The quaking bog, my favourite type of wetland to work in. It ripples when stepped on as a soft Sphagnum layer starts to sink underfoot. This is a landscape of moss, pitcher plants, shrubs and cotton grass fields; darted with stunted tamaracks. Deep channels have been carved around the edges the bog as it shifts in its entirety. Peering into these channels look as if you’re gazing into a deep abyss. It’s over these where leaps of faith must take place and hope the other side is as sturdy as this one.

Fens, where the flow of water has shaped channels throughout open grassy marshes. Grass hummocks exist here, and as the water lowers with every week, they become one. Thrusted from the depths, the shallow channels disappear and large grasslands emerge leaving only the deep cut channels for us to push our way though. At points, it can be faster to hop out and pull our canoe through the waist high grasses. Every few weeks it seems new routes around each fen must be found to keep up with the lowering water. The channels are edged by sweet gale, making them easily found within this lush landscape.  Stumps and logs jut out from the depths, waiting for something to run upon them. These are the remnants of past forests that are scattered throughout the channels, which makes our way through slow and tedious.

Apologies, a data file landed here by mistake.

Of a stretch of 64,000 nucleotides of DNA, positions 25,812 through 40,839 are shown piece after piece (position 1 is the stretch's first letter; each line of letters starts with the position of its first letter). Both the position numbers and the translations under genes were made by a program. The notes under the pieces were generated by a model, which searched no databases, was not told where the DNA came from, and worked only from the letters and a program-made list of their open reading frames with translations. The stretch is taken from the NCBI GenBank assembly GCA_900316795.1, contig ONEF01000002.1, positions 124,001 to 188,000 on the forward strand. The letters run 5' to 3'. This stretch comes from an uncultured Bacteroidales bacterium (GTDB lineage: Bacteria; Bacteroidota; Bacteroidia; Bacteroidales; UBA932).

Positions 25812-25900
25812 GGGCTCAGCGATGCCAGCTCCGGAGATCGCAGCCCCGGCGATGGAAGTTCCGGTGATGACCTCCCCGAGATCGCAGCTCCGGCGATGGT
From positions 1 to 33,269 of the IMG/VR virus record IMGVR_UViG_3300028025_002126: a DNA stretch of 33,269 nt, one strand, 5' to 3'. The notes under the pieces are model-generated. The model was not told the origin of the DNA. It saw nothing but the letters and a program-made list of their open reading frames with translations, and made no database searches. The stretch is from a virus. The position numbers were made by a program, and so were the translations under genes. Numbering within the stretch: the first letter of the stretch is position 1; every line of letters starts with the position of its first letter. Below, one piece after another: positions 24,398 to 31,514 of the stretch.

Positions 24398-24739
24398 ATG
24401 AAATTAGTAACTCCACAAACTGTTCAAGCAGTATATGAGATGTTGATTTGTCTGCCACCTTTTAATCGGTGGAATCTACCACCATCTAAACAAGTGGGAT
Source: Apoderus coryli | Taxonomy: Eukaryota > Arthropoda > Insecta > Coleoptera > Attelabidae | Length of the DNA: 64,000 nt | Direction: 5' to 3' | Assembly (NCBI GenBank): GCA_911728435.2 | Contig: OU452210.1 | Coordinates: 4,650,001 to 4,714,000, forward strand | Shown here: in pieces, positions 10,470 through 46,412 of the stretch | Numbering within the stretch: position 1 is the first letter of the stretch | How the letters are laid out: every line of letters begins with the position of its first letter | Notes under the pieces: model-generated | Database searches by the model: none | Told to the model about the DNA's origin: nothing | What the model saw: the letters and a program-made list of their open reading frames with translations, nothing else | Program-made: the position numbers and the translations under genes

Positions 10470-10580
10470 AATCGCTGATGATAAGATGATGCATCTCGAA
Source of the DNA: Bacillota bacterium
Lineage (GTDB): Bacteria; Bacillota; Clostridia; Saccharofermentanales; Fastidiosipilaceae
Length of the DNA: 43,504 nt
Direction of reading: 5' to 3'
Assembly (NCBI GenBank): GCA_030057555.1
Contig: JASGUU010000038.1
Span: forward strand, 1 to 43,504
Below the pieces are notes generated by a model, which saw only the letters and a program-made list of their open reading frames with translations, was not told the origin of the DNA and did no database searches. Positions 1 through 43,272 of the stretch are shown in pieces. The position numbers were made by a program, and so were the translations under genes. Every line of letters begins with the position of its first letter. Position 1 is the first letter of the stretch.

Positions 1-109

Spring fed pools, found within these landscapes and where a few turtles call home. These pools are conquered by thickets, where spotted aspen entwines around itself, creating an unforgiving and impassable maze to walk through. The spring keeps these pools deep and chilled to its core. As the other wetlands seem to lose water, the stream that exits from these pools never seem to waver. Trying to track turtles here is testing at times as each tree tangles around you and slows your pace.

Throughout the landscape scattered ruins of age old beaver dams from generations past are holding back massive amounts of water. As the water lowers these dams further protrude out of the water, forming greater challenges to navigate around. Each wetland seems to exists as one in a series of slow, cascading waterfalls, as each dam only lets the slightest trickle through.

Each type of wetland presents unique challenges for tracking and travelling, with unique opportunities to observe different wildlife and plants throughout. Each turtle seems to enjoy moving through different parts of these connected wetlands, keeping us on the move and continuously exploring.

— Kelton Adderley-Heron —